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Which Rashes Are the Result of a Drug Reaction?


Test your knowledge of dermatology with 4 cases, 4 photos, 4 different rashes . . . which are the result of a drug reaction?

Case 1:

A 63-year-old woman who recently started taking a new NSAID for long-standing osteoarthritis presents with a progressive, slightly tender rash that erupted, primarily on the lower extremities, several days ago. She has no fever or chills. She has taken the same antihypertensive and statin for several years.

What does this look like to you?
A. Drug-induced vasculitis from the NSAID.
B. Drug-induced vasculitis from the statin.
C. Drug-induced vasculitis from the antihypertensive.
D. Collage vascular disease-induced vasculitis.
E. Hepatitis C-induced vasculitis.

Which of the following would be included in the workup?

F. Detailed history taking for recent infections.
G. Complete blood cell count.
H. Urinalysis.
I. Liver function tests.
J. Antinuclear antibody assay.
K. Skin biopsy.

(Answer on next page.)

Case 1:

A biopsy confirmed a leukocytoclastic vasculitis with eosinophilia. Because the onset of the eruption corresponded with the initiation of therapy with the new NSAID, a diagnosis of

drug-induced vasculitis from the NSAID, A,

was made. All the other entities in the differential are possible diagnoses, but choice A is the most likely, given the time frame. The patient's rash resolved with a 10-day tapering course of prednisone.

All the workup choices are reasonable options to rule out other causes and to evaluate the extent of organ involvement.




Case 2:

A 36-year-old woman has been bothered by a pruritic rash of several weeks' duration on sun-exposed areas (face, neck, hands, and arms). She does not use any prescription medication. She takes vitamin supplements and recently switched to a new brand.

What type of outbreak is this?

A. Photoaggravated rosacea.
B. Photoallergic reaction to sunscreen in her moisturizer.
C. Photodrug reaction.
D. Cutaneous lupus erythematosus.
E. Contact dermatitis.

(Answer on next page.)

Case 2:

A biopsy confirmed a

photodrug reaction, C.

The rash re-solved with discontinuation of the vitamins. The patient did not bring a sample of the product with her, so it was impossible to identify the potential sensitizer.

Rosacea does not commonly appear on the hands and is not generally pruritic. A reaction to the sunscreen is possible, but the rash also occurred on the neck and arms-areas where she did not apply moisturizer. The biopsy ruled out cutaneous lupus erythematosus. Contact dermatitis is unlikely because of the lack of an exposure history.

Case 3:

For several weeks, an 11-year-old girl has had itchy shins. She plays soccer and wears shin guards. Although she bathes frequently, she has not used any new soaps. The family has a dog, and there is a family history of asthma.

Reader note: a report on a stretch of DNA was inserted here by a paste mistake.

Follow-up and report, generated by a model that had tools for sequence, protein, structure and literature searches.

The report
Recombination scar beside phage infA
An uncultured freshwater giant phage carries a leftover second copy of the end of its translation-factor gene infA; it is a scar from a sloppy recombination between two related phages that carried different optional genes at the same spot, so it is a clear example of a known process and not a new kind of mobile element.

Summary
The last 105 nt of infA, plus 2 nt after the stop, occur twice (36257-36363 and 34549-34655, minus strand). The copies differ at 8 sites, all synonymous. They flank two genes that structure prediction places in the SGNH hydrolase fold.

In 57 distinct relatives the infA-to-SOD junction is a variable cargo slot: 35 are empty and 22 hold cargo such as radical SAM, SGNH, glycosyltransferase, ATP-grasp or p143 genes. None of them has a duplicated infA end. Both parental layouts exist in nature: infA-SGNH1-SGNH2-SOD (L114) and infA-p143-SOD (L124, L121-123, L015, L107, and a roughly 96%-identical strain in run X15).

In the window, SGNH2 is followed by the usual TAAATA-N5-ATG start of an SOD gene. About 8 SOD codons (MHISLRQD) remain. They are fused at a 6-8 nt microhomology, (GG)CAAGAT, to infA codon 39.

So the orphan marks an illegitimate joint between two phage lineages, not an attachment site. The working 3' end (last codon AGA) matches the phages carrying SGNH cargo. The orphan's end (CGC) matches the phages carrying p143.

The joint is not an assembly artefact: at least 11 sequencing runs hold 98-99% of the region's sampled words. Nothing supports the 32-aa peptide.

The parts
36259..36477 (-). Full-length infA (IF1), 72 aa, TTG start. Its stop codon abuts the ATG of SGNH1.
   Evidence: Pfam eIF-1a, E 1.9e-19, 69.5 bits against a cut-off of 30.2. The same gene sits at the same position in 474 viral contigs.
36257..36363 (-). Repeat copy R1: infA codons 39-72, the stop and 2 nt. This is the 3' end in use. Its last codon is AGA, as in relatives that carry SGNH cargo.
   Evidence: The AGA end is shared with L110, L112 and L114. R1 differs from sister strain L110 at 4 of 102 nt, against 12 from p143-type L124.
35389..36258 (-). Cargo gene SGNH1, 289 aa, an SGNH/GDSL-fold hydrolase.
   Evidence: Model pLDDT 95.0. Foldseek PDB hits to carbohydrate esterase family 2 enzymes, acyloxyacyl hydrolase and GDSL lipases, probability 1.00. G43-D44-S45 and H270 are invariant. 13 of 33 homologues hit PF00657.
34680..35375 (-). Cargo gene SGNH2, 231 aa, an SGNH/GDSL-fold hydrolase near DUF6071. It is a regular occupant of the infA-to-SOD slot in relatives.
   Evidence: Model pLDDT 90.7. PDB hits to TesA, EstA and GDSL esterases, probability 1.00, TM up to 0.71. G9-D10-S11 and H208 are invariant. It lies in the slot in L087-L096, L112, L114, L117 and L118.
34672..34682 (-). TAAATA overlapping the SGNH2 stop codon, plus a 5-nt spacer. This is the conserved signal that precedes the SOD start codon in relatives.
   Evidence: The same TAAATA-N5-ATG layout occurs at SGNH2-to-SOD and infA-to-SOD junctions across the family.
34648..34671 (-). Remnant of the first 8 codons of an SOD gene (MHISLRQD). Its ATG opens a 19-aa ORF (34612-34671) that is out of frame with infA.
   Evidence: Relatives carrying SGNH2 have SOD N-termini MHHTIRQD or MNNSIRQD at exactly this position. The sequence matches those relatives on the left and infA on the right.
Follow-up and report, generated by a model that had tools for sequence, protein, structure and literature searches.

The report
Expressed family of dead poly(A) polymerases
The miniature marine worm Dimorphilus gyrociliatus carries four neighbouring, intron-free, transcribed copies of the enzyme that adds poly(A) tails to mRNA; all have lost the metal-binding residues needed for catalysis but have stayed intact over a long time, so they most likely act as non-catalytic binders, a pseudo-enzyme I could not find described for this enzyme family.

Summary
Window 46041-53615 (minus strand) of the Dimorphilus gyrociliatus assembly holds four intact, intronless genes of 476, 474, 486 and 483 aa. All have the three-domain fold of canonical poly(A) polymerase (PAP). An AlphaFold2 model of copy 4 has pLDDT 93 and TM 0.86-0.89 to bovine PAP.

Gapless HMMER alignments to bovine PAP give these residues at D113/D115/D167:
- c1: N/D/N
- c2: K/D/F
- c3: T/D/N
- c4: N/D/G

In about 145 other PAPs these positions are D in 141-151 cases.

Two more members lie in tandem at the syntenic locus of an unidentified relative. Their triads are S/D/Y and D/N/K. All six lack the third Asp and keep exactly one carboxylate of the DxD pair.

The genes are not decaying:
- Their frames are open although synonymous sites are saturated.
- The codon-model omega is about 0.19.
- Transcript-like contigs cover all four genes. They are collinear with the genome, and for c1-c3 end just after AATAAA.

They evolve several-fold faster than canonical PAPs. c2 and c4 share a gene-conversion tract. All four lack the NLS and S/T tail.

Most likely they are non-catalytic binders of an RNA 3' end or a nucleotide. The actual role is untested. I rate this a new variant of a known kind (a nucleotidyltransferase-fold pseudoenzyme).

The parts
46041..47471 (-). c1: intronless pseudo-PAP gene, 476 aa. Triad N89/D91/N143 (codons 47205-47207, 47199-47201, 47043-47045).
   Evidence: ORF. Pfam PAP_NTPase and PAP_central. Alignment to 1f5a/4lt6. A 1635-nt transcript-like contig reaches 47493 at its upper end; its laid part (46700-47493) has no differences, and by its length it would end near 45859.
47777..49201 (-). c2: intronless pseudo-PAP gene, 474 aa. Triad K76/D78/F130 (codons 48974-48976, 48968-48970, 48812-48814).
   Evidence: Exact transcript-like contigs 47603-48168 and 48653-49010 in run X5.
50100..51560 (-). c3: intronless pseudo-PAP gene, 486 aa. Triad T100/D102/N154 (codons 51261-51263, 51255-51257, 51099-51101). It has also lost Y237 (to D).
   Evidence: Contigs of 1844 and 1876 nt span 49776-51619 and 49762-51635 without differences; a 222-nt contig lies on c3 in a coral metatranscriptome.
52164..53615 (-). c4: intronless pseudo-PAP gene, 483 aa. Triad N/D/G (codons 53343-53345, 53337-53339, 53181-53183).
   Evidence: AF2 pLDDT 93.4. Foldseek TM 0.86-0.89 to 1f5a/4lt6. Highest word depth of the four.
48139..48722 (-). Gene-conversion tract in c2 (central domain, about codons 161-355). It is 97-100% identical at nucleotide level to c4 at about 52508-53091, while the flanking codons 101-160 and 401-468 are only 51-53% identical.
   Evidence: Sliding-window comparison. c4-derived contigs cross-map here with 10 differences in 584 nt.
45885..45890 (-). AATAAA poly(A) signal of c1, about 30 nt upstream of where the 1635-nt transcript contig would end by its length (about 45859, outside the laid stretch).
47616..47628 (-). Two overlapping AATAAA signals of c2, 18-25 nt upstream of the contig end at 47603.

What is the cause of the itchy shins?


A. Scabies.
B. Contact dermatitis.
C. Atopic dermatitis.
D. Psoriasis.
E. Lichen simplex chronicus.

(Answer on next page.)

Case 3:

This patient had a flare of

atopic dermatitis, C,

attributable to a combination of abrasion from the shin guards and bathing twice a day.

Scabies would be more widespread after a few weeks. The lesions of contact dermatitis are usually more confluent than the discrete lesions seen here. Psoriasis would be more erythematous and scaly. Lichen simplex chronicus would be considered if the patient did not respond to moisturizers and mild topical corticosteroids.

Case 4:

For several months, a 47-year-old man has been bothered by a pruritic eruption on his arms, legs, and trunk. Several months before the outbreak, he had started taking a combination antihypertensive drug that contained a calcium channel blocker and an angiotensin-converting enzyme (ACE) inhibitor.

What might explain the rash?

A. Maculopapular or morbilliform drug reaction.
B. Lichenoid or lichen planus-like drug reaction.
C. Pityriasis rosea.
D. Psoriasis or psoriasis-like drug reaction.
E. Scabies.

(Answer on next page.)

Case 4:

A biopsy confirmed a

lichenoid drug reaction, B.

Some ACE inhibitors have been associated with this type of reaction.


The patient discontinued the medication, and his condition steadily improved without treatment over the course of 2 months.

Maculopapular eruptions appear more measles-like than this eruption. The lesions of pityriasis rosea are oval-shaped and macular and are usually confined to the trunk and proximal extremities. Psoriasis has more scale. Scabies manifests as inflammatory papules in the finger webs and on the genitalia.






Ruiz Villaverde R, Blasco Melguizo J, Linares Solano J, Serrano Ortega S. Lichen planus-like eruption due to enalapril.

J Eur Acad Dermatol Venereol.


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